When from the south I pass through Chiasso customs or from the north I come out of the Gotthard tunnel, I have that afterthought that says ‘ohh good, I’m finally back’. I consider this a good indicator that, yes, I feel at home here, in Ticino. This is my home, the place I have come to know and love over the years. I have another place that I consider home, which is where I was born and raised, Legnago in Veneto. Then I have yet another place that I consider my third home, which is Taipei, Taiwan. But neither of these equals the sense of home I have here.

Feeling at home is a very elusive and most subjective concept. I feel at home when, perhaps after a trip, I hear an accent that is familiar and I take pleasure in it. When I walk around and feel protected by the places I see. When I absorb the little idiosyncrasies and mannerisms of the people around me. When I say “back home” when talking to a person who does not live where I do. To feel at home is also to criticise, even harshly, the place where you live but to feel real irritation if a person who does not live here makes the same criticism as you.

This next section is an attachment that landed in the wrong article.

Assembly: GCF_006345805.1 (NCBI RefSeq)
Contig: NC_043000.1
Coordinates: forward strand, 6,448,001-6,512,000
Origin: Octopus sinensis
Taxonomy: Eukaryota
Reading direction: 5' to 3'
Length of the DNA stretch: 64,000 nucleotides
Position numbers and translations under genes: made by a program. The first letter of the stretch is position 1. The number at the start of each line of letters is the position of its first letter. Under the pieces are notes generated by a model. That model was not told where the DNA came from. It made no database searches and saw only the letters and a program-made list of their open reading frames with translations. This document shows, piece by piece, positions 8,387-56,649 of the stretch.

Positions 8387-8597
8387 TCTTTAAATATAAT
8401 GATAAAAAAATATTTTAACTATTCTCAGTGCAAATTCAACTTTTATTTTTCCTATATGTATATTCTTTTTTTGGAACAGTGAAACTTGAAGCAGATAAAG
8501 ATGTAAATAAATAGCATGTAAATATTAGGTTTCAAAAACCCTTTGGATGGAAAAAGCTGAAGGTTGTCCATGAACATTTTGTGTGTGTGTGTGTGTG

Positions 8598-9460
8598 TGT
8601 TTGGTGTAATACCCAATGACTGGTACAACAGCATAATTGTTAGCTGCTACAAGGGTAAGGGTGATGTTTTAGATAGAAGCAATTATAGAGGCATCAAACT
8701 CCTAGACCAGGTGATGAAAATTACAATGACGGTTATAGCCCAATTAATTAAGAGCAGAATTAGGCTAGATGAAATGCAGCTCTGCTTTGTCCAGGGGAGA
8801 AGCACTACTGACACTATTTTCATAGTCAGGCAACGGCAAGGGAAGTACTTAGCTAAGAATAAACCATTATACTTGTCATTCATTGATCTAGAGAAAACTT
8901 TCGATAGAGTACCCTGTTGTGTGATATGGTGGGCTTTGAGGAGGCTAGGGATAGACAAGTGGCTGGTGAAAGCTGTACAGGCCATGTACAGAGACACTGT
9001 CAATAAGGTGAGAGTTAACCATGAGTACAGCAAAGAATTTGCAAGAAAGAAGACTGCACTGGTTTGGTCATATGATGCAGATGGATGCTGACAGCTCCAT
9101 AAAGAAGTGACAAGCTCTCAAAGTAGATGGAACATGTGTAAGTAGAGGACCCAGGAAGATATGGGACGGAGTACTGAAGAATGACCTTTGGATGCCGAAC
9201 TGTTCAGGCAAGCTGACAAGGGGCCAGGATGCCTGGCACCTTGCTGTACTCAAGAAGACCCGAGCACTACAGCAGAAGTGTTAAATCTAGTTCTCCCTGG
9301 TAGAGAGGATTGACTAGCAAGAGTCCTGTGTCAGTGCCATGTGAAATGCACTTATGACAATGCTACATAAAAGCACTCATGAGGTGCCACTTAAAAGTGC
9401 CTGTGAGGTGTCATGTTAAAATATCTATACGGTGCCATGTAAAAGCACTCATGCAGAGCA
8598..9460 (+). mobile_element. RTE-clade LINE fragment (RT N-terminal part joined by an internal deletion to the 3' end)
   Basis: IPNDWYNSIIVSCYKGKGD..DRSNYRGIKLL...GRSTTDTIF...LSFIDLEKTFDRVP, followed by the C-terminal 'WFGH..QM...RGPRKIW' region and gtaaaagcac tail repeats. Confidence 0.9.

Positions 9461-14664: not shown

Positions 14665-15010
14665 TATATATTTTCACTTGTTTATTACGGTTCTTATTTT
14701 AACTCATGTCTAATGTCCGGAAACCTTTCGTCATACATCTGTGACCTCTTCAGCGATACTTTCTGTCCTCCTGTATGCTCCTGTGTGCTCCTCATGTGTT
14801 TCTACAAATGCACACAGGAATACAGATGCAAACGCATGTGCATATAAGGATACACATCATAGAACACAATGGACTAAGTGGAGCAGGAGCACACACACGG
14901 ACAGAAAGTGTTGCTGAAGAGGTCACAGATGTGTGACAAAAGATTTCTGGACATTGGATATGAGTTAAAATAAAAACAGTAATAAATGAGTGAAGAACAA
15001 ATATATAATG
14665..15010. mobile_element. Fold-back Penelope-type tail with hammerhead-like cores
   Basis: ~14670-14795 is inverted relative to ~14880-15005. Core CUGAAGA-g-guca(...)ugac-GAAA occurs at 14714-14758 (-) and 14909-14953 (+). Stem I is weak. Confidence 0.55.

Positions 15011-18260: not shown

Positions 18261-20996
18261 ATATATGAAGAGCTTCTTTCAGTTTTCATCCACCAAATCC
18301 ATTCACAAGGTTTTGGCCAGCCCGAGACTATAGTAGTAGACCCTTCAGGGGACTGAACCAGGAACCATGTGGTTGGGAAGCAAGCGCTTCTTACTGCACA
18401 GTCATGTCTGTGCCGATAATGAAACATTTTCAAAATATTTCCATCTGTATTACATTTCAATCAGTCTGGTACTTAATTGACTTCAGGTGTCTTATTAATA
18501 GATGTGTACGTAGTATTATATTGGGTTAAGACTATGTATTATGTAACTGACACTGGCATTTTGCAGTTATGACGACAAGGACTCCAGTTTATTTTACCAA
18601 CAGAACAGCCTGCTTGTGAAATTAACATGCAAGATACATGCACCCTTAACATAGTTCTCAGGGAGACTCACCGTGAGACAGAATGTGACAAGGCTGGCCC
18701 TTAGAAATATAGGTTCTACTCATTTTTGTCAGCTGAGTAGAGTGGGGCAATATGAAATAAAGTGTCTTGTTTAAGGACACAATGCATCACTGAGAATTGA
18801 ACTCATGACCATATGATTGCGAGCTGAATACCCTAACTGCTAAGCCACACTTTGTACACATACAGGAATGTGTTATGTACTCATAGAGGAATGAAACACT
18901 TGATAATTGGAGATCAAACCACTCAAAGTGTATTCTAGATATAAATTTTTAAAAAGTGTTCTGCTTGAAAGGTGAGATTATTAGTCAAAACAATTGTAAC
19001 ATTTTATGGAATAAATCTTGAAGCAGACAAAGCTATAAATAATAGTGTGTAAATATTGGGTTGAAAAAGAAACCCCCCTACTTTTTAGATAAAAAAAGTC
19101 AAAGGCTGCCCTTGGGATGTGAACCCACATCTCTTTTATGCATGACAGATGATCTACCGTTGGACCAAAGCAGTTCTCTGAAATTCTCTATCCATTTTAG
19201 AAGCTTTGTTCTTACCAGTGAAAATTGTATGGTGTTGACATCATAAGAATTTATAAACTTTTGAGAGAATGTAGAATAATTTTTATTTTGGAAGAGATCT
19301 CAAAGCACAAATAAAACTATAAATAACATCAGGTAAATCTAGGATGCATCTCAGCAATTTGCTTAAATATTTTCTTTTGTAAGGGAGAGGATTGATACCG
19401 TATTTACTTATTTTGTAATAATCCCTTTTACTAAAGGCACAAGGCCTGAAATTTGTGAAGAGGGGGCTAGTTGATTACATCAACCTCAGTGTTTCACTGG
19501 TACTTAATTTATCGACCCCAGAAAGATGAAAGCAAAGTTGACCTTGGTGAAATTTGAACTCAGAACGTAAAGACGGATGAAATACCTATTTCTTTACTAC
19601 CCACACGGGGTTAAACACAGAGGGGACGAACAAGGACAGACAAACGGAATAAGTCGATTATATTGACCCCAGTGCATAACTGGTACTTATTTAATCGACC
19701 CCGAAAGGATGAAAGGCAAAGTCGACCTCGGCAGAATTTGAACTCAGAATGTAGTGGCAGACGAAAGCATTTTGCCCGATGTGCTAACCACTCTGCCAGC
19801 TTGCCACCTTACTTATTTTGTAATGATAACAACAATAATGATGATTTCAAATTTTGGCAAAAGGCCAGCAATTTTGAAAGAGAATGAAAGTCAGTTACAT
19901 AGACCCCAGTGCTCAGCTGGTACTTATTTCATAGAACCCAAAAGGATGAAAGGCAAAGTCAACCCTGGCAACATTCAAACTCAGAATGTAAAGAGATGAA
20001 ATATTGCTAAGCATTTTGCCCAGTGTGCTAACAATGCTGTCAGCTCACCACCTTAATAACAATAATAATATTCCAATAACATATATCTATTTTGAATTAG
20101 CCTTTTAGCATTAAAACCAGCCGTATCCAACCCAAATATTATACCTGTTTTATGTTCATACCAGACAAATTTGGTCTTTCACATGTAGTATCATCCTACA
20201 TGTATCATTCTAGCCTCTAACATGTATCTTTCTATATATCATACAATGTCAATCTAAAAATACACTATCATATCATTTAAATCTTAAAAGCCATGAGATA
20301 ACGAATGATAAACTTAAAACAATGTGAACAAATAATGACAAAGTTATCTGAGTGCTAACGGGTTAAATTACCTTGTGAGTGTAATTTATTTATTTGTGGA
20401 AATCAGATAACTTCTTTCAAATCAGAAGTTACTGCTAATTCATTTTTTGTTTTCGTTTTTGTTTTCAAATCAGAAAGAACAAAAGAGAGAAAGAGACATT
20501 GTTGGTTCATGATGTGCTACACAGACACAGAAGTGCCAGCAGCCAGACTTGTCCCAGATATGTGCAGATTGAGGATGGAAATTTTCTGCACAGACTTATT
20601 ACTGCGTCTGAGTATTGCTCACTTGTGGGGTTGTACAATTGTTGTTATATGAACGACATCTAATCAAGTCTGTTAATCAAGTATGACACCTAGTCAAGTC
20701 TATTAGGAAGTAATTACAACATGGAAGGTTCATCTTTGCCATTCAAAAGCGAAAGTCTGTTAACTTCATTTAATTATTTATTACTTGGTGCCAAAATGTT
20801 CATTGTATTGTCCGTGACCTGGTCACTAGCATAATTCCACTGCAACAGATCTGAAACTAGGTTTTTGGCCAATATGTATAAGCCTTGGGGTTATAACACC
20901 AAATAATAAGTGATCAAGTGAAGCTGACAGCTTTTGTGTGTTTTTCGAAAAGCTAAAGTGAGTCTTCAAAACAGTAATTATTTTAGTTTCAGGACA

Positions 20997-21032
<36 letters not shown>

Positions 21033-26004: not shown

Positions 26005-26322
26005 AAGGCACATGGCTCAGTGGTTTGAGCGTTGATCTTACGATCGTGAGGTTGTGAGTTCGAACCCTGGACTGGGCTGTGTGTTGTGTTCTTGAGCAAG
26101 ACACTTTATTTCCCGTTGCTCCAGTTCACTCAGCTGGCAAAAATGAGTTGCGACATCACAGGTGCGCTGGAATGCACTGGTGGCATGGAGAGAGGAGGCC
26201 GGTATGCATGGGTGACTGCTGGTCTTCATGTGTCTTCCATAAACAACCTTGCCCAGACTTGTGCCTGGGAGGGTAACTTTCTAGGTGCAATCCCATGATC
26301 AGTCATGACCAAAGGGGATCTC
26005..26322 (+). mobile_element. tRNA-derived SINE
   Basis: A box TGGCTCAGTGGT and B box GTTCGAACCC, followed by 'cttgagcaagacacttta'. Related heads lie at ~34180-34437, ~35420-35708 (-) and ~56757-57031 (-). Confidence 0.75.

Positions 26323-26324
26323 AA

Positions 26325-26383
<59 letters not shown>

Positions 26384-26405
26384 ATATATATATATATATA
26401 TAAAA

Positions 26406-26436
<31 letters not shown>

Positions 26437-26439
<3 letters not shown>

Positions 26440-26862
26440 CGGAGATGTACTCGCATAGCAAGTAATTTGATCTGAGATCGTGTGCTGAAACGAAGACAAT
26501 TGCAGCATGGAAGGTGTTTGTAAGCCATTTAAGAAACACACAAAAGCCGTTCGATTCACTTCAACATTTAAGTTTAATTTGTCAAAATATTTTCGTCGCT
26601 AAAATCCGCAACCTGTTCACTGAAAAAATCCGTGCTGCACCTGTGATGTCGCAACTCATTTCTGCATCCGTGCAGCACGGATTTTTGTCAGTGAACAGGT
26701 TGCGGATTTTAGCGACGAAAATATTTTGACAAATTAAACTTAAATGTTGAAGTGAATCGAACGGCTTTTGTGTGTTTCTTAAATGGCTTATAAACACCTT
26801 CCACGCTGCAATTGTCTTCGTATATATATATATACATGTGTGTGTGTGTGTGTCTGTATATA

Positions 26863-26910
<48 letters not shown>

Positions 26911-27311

Now that I will have Swiss citizenship at the end of this year or beginning of next, I’m asking myself questions about the meaning of home. Do I need a piece of paper to feel at home? No. Is it better to have a piece of paper to make sure I don’t have bureaucratic problems here at my home? Yes. I’m not one of those people who craves a strong sense of belonging to a group but I’m still a human being, and therefore a social being who by nature relates to other human beings and who seeks confirmation of his place in the world. So, I don’t need a piece of paper to feel at home but a piece of paper that legitimises my being at home is always welcome.